UK Policy on Repelling English Channel Migrants: Will It Be Feasible?

British officials have said that the military will take over the protection of the sea by the end of the month, but in the first reaction, the British navy refused to take part in the plan to repel the migrants from the English Channel. “People fleeing repression must seek protection in the first safe country of entry and not risk their lives,” said Parliamentary Under Secretary of State for Immigration Compliance and Courts Tom Pursglove, who blamed “criminal groups” for the transfer of migrants. The BBC’s Simon Jones says that in response to the increase in the number of people crossing the Channel, British officials have raised the possibility of mobilising the army to protect the Channel by the end of January. But the British navy refused to take part in the plan to repel the migrants.
Despite the cold of winter, migrants are still trying to cross the Channel into Britain illegally. As 168 migrants arrived by boat off the coast of Britain, officials transferred them from the coastal waters to Dover. At the same time, French coastguards rescued 126 migrants on their side of the Channel. These immigrants wanted to go to Britain in three separate boats. The survivor of a sinking boat said that when the water in the boat was gradually rising due to the failure of the boat pump, a number of migrants called the British and French border guards and asked for help. But officials from both governments failed to see it as their duty to help them and refused to provide assistance, resulting in the deaths of 27 men, women and children.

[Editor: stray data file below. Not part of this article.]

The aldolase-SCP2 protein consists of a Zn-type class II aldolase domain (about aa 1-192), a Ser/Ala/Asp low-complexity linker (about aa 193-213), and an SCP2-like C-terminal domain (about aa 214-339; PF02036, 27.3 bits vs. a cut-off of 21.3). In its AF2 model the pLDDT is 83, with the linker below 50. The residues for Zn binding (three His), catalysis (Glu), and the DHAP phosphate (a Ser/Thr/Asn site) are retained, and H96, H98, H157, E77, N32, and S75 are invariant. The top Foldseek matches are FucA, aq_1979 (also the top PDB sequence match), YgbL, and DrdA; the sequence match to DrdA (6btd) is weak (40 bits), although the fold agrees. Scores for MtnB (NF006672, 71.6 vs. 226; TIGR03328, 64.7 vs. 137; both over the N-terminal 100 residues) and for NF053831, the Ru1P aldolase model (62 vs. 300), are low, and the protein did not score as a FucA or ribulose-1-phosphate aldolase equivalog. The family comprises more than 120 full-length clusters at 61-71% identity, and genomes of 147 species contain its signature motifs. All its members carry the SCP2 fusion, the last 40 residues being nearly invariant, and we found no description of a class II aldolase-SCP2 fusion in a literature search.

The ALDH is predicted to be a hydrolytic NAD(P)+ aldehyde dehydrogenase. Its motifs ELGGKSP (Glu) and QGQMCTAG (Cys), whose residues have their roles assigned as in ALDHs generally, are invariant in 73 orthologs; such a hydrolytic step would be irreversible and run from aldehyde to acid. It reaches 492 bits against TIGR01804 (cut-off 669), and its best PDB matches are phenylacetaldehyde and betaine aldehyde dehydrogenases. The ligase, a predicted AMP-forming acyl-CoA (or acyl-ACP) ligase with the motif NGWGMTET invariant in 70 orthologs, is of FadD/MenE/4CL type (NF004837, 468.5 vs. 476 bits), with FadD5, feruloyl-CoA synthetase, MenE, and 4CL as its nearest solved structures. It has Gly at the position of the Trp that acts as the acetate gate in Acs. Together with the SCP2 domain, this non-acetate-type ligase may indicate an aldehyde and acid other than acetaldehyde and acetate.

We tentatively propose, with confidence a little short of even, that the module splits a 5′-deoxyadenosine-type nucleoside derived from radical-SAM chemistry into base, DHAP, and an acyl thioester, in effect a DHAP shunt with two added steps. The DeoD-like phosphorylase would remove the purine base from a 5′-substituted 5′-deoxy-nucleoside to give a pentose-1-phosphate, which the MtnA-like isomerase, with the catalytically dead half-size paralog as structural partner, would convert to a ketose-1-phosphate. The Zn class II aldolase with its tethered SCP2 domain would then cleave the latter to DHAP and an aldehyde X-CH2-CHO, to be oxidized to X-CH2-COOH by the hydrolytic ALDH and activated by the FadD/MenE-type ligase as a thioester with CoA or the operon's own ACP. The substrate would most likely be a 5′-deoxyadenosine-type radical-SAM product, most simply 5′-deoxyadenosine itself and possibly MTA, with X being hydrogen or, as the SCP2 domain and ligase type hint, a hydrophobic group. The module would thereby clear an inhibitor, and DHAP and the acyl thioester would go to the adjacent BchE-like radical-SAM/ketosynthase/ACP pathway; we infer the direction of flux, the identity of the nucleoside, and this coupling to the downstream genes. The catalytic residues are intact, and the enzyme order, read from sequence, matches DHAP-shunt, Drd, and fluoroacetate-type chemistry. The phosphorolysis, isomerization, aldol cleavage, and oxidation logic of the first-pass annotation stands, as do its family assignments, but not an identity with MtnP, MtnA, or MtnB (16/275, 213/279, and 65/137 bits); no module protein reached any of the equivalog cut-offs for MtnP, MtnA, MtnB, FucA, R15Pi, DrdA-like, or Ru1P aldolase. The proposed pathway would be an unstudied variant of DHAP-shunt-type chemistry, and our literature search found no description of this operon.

The army has reportedly been placed in charge of fighting the number of boats crossing the Channel by the prime minister. The Ministry of Defence (MoD) is scheduled to take command of the operation from the border forces within a few weeks. “The government is examining all possibilities to prevent further crossings, and the details of how to achieve this will be determined later,” an FCDO spokesman said.
Boris Johnson’s plan to put the military in charge of tackling migrant boat crossings will help people smugglers, the former head of the royal navy has warned.
Lord West of Spithead said giving the navy command over the operation in the English Channel would backfire by providing a more “efficient conduit” for the work of traffickers. More detailed information on how this plan works has not yet been provided, and questions remain unanswered.
Downing Street declined to comment on “speculation” about military responsibility for controlling the English Channel by small boats, but said all options were being considered. “An unacceptable number of people continue to make dangerous crossings through the English Channel, and the tragic deaths of last November are the strongest reminder of the need to stop them,” a defence ministry spokesman said.
“The British Armed Forces are working closely with the Border Guards in this operation, providing expertise and tools as part of our Channel processes,” the Home Office added. “It is right to take every opportunity to prevent illegal passage and to protect life at sea.”
Shadow Labour Minister Yvette Cooper said the government had failed to “do serious practical work with France, which is necessary to prevent casualties and criminal gangs taking advantage of the dangerous crossings of the English Channel.” “Instead, Boris Johnson seems to be using the opportunity to follow the headlines to divert attention from the complete chaos that results from violators of Rule 10,” she said. “Three years ago, in 2019, the government hired the navy to patrol the English Channel. HMS Enterprise and HMS Mersey did not intercept any boats and cost the Ministry of the Interior 78,780,000. They should explain how these latest programmes are different.